What: Water and Natural Resources Committee and Drought Subcommittee meeting
When: Aug. 28 to 30
Where: The San Juan College Henderson Fine Arts Center, 4601 College Blvd. in Farmington
FARMINGTON — The state's senators and representatives will meet in Farmington next week to discuss one of the most important issues affecting New Mexico: water.
The state's Water and Natural Resources Committee and the Drought Subcommittee will meet Aug. 28 to 30 at San Juan College to discuss several issues including water use, fracking and water infrastructure funding.
Committee chairman Sen. Phil Griego, D-San Jose, encouraged the public to attend.
"You have citizens there (in Farmington), retired engineers, experts, who may have some ideas," he said. "It's always critical that the public attends."
Mayor Tommy Roberts said the committee meetings are important because they bring state legislators face-to-face with the issues affecting communities throughout New Mexico.
Roberts said he has not been asked to address the committee, but he added that it is a valuable opportunity to get state legislators acquainted with the Farmington area.
"They seem interested in learning about these outlying areas," he said. "The Rio Grande corridor, Santa Fe, Albuquerque and Las Cruces are the most represented areas of our state by virtue of population. There's a disconnect when it comes to the rural communities outside of the Rio Grande corridor."
Roberts said that inviting legislators from around the state to visit areas like Farmington gives them a clearer picture of the issues facing each community.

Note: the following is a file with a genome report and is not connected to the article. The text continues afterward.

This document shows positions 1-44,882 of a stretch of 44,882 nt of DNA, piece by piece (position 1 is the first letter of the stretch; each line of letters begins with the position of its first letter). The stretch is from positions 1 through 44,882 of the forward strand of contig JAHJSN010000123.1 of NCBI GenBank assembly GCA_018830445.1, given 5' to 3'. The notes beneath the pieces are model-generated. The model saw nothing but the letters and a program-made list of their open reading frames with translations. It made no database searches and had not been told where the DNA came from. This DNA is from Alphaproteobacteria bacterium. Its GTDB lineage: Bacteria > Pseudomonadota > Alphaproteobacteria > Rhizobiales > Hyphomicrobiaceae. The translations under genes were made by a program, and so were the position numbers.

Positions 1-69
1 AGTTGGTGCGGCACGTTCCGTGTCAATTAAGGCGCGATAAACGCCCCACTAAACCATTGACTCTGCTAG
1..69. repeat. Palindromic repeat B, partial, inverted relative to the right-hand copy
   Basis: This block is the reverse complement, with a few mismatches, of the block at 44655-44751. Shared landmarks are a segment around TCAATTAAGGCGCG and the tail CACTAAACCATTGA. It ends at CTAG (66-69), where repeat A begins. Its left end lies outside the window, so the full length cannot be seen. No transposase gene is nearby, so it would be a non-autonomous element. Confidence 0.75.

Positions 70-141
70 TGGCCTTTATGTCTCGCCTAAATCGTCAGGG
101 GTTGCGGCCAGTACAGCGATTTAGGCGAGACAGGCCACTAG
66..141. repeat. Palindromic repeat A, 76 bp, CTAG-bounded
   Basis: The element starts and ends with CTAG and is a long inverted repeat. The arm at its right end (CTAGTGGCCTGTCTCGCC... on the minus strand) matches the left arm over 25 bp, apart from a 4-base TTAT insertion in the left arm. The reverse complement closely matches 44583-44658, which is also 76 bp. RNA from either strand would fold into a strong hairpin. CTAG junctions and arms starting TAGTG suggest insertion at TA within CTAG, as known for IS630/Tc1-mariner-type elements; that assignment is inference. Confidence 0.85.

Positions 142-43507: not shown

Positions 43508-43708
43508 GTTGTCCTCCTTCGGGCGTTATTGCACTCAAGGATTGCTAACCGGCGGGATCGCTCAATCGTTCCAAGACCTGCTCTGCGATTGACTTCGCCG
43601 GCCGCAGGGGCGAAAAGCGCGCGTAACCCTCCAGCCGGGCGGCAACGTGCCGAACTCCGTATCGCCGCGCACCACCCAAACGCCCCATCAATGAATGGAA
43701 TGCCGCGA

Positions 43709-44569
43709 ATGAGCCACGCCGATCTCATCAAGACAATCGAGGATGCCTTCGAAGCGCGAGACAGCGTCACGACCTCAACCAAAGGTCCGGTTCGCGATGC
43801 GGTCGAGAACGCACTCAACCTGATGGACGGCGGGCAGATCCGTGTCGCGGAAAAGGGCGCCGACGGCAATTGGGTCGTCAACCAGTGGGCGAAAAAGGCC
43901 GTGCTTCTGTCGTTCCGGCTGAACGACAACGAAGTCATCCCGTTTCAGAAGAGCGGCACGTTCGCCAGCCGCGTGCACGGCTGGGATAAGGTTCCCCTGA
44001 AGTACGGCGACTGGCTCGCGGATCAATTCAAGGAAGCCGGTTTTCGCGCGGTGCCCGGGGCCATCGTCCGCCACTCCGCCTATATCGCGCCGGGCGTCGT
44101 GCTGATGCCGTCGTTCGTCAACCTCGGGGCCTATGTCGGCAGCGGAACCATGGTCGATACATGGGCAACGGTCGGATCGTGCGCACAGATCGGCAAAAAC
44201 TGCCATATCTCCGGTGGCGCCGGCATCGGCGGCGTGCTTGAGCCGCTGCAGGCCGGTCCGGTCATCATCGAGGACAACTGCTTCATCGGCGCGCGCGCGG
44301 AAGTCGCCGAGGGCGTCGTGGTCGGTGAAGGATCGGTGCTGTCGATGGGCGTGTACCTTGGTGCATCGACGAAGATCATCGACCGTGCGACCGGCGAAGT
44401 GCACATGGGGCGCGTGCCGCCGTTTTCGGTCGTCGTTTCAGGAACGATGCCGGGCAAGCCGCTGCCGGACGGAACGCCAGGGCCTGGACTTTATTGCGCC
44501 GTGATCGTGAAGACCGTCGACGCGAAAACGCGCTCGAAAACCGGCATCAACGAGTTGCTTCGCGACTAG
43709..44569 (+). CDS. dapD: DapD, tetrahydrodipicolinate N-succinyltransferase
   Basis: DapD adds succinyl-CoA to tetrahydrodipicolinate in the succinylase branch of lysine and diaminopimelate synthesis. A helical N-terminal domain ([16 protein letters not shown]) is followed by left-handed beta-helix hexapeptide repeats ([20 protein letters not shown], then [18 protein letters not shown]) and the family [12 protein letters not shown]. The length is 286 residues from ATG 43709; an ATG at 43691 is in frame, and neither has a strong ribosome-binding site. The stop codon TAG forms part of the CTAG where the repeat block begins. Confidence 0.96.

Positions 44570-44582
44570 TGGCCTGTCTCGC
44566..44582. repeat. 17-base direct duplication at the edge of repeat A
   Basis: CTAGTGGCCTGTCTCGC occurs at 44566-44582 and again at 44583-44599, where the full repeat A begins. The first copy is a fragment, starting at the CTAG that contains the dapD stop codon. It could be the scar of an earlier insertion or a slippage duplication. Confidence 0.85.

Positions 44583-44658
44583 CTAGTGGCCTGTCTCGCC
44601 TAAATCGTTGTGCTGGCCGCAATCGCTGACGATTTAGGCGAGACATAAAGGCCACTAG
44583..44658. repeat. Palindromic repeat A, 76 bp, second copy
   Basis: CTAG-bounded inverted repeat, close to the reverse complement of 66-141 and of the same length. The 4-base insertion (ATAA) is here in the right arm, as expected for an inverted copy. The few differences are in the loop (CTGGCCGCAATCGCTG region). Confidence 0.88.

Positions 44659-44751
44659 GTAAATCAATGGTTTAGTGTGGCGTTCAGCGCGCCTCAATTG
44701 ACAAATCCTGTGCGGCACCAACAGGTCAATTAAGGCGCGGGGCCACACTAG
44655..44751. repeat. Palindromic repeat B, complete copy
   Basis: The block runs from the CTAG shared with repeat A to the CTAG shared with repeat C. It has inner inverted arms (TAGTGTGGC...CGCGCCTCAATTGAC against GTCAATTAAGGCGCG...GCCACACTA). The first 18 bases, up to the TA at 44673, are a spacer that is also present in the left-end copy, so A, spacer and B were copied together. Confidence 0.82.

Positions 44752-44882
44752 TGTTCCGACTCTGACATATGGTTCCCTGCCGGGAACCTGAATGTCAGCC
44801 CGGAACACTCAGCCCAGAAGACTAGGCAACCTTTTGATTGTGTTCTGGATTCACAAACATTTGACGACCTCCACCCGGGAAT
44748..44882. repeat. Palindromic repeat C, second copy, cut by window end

And Griego said the committee meetings help legislators identify issues so they can more effectively draft useful legislation.
"The future of water (in New Mexico) is going to depend on the equitable solutions arrived at by water users associations and by the judiciary," he said. "We need to figure out how to distribute water on an equitable level, how to supply water to priority users, the Native Americans, and to outside communities."
Griego said state officials need to begin thinking creatively and suggested that piping water from the Mississippi River drainage states could be a solution.
"They have an overabundance of water flow in the Midwest," he said. "I think that's the future of New Mexico, Arizona and other southwestern states -- working with our midwestern brothers and sisters."
As water rights disputes heat up, they will affect the state's larger communities, Griego said.
"This is important for our irrigation projects if not for anything else," he said. "If we don't take care of our rural communities, it's going to start affecting our urban communities."